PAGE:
The new law limiting the powers of the judiciary is irreversible, but the path forward is uncertain.
A law passed by Israel’s parliament on Monday that would overhaul the judiciary and limit its powers sent the country into uncharted territory, amid widespread protests from the opposition.
The new legislation, known as the “reasonableness bill”, removes the Supreme Court’s ability to overturn government decisions deemed “unreasonable”.
The far-right government, led by Prime Minister Benjamin Netanyahu, says the judges have become too powerful and should be reined in, while the opposition says the government seeks to weaken the judiciary and prevent it from maintaining checks on the government.
The legal ramifications of the legislation – which is part of a wider judicial overhaul being pushed by the government – are likely to remain unclear in the coming weeks.
Here’s what we know so far:
Will the new bill be reinstated?
The new law will not change, but the path forward is uncertain. Israel has never faced a similar challenge from a government before.
Monday’s bill was enacted as an amendment to one of Israel’s Basic Laws, which constitutes the country’s constitutional framework.
Up to now, the Supreme Court has never repealed any Basic Laws, only regular laws that violated the Basic Laws. But it has the power to do so, and that power will be lost under the new “reasonableness” bill.
At least three civil society organizations filed a petition to the Supreme Court asking to disqualify the new law because it is against the Basic Laws of the country. Opposition leader Yair Lapid also said he will file a petition in the coming days.
Therefore, the opposition is now seeking to use the very tool that Monday’s bill was intended to destroy – putting the Supreme Court in an awkward position.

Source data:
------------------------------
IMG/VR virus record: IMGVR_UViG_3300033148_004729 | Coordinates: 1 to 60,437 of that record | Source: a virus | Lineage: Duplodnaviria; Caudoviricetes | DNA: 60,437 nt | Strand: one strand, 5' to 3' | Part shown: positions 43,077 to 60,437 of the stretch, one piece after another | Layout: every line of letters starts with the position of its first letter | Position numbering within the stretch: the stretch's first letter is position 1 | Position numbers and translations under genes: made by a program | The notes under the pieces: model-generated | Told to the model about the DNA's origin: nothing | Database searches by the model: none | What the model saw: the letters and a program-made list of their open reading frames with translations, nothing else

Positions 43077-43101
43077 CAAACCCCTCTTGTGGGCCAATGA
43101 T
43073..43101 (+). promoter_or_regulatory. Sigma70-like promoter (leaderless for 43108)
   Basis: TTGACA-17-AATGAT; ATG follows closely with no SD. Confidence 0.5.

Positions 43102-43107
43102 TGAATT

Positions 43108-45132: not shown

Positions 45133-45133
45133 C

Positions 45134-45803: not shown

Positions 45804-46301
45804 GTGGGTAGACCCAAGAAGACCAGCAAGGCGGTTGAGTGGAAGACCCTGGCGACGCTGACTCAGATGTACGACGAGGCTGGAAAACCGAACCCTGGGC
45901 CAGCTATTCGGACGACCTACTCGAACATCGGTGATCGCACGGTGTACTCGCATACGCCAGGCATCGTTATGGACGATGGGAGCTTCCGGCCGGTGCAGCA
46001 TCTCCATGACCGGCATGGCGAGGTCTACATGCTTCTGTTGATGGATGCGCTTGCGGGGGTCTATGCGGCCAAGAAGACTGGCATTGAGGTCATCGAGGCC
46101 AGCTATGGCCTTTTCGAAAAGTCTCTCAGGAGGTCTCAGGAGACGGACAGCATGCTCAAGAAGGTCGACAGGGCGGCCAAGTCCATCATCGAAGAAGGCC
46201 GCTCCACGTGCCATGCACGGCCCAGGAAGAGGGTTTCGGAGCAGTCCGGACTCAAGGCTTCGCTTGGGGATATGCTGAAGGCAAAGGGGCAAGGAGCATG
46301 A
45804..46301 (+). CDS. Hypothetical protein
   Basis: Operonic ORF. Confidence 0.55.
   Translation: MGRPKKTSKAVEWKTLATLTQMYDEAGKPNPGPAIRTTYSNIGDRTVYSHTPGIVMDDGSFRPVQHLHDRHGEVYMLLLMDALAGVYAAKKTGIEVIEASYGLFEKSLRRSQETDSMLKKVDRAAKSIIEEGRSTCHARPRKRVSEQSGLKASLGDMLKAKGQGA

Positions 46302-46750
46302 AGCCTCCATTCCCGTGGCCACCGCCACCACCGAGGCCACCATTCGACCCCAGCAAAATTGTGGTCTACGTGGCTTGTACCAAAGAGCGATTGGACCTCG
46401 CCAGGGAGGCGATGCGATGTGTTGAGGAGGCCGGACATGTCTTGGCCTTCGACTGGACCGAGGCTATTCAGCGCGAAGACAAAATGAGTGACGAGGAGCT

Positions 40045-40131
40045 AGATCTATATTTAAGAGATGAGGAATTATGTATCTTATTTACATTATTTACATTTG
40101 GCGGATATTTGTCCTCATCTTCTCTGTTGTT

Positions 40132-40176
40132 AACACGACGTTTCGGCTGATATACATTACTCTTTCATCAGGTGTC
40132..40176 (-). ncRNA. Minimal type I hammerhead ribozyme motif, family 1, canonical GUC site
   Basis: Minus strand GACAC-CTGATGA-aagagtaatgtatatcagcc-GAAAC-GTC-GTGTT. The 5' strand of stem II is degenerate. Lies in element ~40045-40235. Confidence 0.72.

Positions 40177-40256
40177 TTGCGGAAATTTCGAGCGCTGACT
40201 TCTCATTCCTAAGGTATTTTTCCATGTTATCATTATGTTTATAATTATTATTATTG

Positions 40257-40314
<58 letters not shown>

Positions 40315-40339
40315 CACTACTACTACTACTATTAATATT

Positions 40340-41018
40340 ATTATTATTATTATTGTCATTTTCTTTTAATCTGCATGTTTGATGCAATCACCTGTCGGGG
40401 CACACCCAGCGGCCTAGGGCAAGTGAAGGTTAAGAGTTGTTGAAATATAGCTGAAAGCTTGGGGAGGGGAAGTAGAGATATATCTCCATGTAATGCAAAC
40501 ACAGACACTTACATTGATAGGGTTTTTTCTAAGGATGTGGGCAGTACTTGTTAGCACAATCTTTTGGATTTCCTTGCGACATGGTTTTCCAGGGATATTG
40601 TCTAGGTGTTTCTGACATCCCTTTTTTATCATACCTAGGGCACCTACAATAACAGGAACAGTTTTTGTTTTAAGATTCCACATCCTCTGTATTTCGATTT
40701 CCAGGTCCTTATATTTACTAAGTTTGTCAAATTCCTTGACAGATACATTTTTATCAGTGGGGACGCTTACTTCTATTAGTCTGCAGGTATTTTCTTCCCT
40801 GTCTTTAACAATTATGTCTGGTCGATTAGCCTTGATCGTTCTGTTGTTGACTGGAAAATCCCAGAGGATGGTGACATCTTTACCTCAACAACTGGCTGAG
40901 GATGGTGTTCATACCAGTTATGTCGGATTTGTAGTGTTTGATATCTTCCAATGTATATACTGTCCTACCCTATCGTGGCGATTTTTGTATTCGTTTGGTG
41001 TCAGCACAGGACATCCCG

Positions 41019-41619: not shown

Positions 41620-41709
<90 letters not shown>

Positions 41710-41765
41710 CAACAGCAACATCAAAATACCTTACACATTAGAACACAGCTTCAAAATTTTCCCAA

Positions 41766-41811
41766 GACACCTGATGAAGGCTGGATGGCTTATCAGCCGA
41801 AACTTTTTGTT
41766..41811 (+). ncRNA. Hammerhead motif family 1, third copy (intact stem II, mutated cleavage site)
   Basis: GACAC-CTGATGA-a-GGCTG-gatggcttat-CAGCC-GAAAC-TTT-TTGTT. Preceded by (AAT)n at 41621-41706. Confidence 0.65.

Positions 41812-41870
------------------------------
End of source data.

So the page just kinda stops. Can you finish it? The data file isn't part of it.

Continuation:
One legal argument the supreme court could use to disqualify the legislation is that it violates Israel’s “core values,” arguing that the change is undemocratic. But it is unclear whether the bill constitutes a sufficiently authoritarian turn to justify the decision.
What will the opposition do?
Divisions in Israel are likely to widen with the passage of the bill on Monday. The country faced popular unrest, labor strikes and a mutiny on the part of some in the military.
A growing number of military reservists have warned they will no longer report for duty if the government goes ahead with its plan, putting Israel’s war readiness at risk.
Doctors in Israel began a 24-hour strike and the Chairman of the Israel Medical Association, Zion Hagay, said that doctors who are angry with the law intend to move abroad.
The government threatened disciplinary action against the strikers. Local media reported that the government is seeking an injunction forcing doctors to return to work.
Al Jazeera’s Mohammed Jamjoom, reporting from the occupied West Bank, says the medical union needs to get clearance from the labor court to ensure that health care workers are not considered to be neglecting their duties.
A labor court eventually ordered striking medical providers to return to work, but many appointments were canceled for the day.
What else is the government planning?
The bill on Monday was passed as part of the government’s broader plan to overhaul the judiciary.
Additional plans for reform include major changes to the Basic Law to change the balance of power between the Knesset and the High Court of Justice, dividing the role of the attorney general and limiting the ability to petition against government actions.
Carmiel Arbit, a nonresident senior fellow for the Atlantic Council’s Middle East Programs, said Israelis hope the reforms will continue apace.
“As the far-right coalition that has historically governed Israel continues what many have called a ‘straightforward approach’ to reform — legislating to dismantle the judiciary, piece by piece — Israel’s democratic institutions are positioned to be severely damaged,” Arbit said.
“In a country that lacks a constitution, the Supreme Court is a critical pillar, preventing the passage and implementation of laws that would allow Israel’s ultra-religious parties to oppress the largely secular population,” the analyst added. “The result is a crisis.”
Netanyahu said the Knesset’s upcoming summer recess until mid-October would be an opportunity to negotiate more changes to the judiciary, and he blamed the opposition for the failure to reach a compromise on the recently passed bill.
On Monday he sought to calm the opposition, saying he hoped to reach consensus on any further legislation by November.